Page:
Everything old is new again

Posted in Bombing Paupers, Crazy Weapons, Culture of Lickspittle at 3:56 pm by George Smith

All the nausea-provoking cliches of American war junk journalism have returned: “What would a military strike on [fill in the blank] look like?” [1]

Followed by numbing, intelligence-insulting descriptions of weapons platforms, maps with potential targets and quote from “experts” at US think tanks, all career dependent on continuous war. Tried to counter it with a column lampooning it, “Weapon of the Week,” at the Voice a decade ago. (Google.)

That did a damn fucking lot for my reputation.

There was also a big piece in the Post with said “experts” — alleged thinking of wise men — on whether or not a good bombing of Syria would be a “just war.” At this juncture it would not have occurred to me that any discussion of a remote-controlled strategic bombing campaign against any puny country, no matter how bad and which can barely defend itself, belongs on the same page as the word “just.”

No link, mostly because there’s nothing in it you can’t imagine.

Andrew Bacevich, the official retired military man voice-for-the- left, says it’s a bad idea, the same thing he said a decade ago about Iraq.

A Brookings flunky takes the opposite side of the coin, predictably.

A handful of religious men are nervous about the subject. They don’t much like talking about the US and the concept of “just war.”

One of them admits the US is not the sword of God, something that’s probably occurred to quite a lot of people. This is the only bit unusual as anything like it would usually be edited out.

And it’s mildly startling to see some people actually getting fidgety in print over discussions on the the US and prosecution of “just war.” Since they believe in a deity and an afterlife they are perhaps starting to think that eventually they’ll have to do some explaining and that “Praise the Lord and Pass the Ammunition” was always a pretty sickening tune.

You can say “God bless America” in the knee-jerk way of politicians and citizens but does he when you’re pushing the launch-cruise-missiles button? Or are you just feeling like you’re pushing your luck? Such teleological questions are real brain-twisters.

And, finally, at the end of the day, the Britishes showed some sense, many — a majority — thinking that dumping 200 cruise missiles and stealth bomber strikes into Syria at midnight will not likely make it a better place.

From the NYT:

“Prime Minister David Cameron said that Britain would not participate militarily in any strike against Syria after he lost a parliamentary vote by 13 … It was a stunning defeat for a government that had seemed days away from joining the United States and France in a short, punitive cruise-missile attack on the Syrian government …”

Which raises the question: “Why can’t we have nice things like ‘stunning defeats’ every now and then?”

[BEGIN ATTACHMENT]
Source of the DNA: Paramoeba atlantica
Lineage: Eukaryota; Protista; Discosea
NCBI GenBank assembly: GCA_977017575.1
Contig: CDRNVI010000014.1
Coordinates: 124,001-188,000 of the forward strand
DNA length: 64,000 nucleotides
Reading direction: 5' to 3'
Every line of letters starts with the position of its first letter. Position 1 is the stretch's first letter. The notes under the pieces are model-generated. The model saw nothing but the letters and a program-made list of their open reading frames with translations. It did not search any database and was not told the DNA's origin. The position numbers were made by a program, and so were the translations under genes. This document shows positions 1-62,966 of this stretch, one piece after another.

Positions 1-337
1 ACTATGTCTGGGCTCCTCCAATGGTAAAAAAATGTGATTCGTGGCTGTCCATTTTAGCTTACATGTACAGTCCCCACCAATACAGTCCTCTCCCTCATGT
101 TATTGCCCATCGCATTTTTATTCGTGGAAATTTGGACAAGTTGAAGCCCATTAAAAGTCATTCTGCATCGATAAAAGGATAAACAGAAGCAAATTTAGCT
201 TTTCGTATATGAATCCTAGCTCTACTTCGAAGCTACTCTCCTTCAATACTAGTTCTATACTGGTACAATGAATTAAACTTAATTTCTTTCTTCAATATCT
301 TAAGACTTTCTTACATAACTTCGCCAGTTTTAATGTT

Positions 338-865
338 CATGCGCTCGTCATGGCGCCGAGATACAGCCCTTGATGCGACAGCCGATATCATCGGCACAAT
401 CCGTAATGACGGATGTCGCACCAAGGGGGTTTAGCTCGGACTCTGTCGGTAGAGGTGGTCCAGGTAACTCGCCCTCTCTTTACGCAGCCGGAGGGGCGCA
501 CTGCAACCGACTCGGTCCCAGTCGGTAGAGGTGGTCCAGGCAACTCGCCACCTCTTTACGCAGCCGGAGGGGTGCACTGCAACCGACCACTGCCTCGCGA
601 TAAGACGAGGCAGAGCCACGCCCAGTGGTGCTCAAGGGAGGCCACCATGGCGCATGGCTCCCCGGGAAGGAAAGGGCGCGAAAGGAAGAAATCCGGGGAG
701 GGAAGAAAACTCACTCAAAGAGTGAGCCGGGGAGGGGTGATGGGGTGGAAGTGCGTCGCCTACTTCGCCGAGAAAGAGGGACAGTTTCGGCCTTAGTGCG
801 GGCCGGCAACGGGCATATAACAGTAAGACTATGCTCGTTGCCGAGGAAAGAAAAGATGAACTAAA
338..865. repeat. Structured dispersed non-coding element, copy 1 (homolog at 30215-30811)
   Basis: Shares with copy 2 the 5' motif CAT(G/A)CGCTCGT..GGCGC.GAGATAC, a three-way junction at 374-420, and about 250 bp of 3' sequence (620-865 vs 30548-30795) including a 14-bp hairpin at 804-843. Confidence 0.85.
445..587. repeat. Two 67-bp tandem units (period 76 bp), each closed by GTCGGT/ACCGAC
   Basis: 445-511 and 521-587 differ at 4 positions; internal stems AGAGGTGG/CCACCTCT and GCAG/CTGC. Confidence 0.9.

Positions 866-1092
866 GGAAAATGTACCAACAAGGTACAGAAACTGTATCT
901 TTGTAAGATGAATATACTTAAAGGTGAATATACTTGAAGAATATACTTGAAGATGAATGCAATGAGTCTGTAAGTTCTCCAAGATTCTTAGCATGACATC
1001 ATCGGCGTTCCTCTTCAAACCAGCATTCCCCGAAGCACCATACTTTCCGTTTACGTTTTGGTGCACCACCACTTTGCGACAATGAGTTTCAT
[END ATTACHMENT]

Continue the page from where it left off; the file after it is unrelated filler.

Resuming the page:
[1.] War junk journalism, example provided by the Christian Science Monitor, a website that should not exist at all as its entire purpose is to furnish, as fast as possible, three or four paragraph blog posts on whatever is trending in search nationally:

[What] would a US attack look like?

First, it will probably start at night. US night-fighting capability is unsurpassed, and night attacks reduce the risk of civilian casualties, given that any civilian workers at Syrian military installations are likely to be home in bed. This could occur within days, perhaps as early as Thursday.

Second, the weapon of choice will almost certainly be precision-guided munitions. The US Navy has four destroyers within range of Syrian targets. Each Arleigh Burke-class destroyer has 90 vertical launchers for Tomahawk land attack cruise missiles and defensive missiles, according to a Syria attack plan produced by Christopher Harmer, senior naval analyst at the Institute for the Study of War. Depending on the mix of munitions loaded in these launchers, four ships should easily be able to hit Syrian targets with 180 Tomahawks.

US cruise missiles have a 1,000-mile range, meaning they can be launched hundreds of miles at sea. If they operate as intended, their accuracy carries them to within a few meters of their intended targets.

No link. That place sucks and so do those who work there.

The Bombing Paupers tab is, once again, officially open.


  1. Floormaster Squeeze said,

    August 30, 2013 at 5:07 am

    “Just War” theory is so anachronistic. It would be completely impossible for the U. S. to fight a just war. They reflexively violate proportionality, distinction (plenty of collateral damage just moving around let alone all the dead once things are done in anger), and necessity. ANY talk of “just war” is just lipstick on a pig.

    Your phrase on the professional class of the continual war dependents is right on. They might as well create Our Lady of Perpetual War and move on.

    The U. S. political leaders are true believers in militarism but some feel the need to showcase the “just war” principles they may actually adhere to (usually about all the bad the “bad guy” is up to).

  2. George Smith said,

    August 30, 2013 at 8:22 am

    Today’s fad in junk war journalism, more stories on whether or not “unilaterally” striking a puny country — no matter how bad — that can’t defend itself from overwhelming US military supremacy, is legal.





    You’ll remember David Kaye and the Iraq WMD inspector’s report. Nobody listened to him then, either.


    Everything’s lining up. All the idiot’s are present, just like the last time and every time. Ths US is not the sword of God and smiting the puny bad country at midnight with overwhelming force is definitely not legal in a rational work but this country is not rational and the cruise missiles are itching to go and must be used. Raytheon is already warming up the assembly line with refills.

  3. George Smith said,

    August 30, 2013 at 8:27 am

    The Raytheon stock ticker.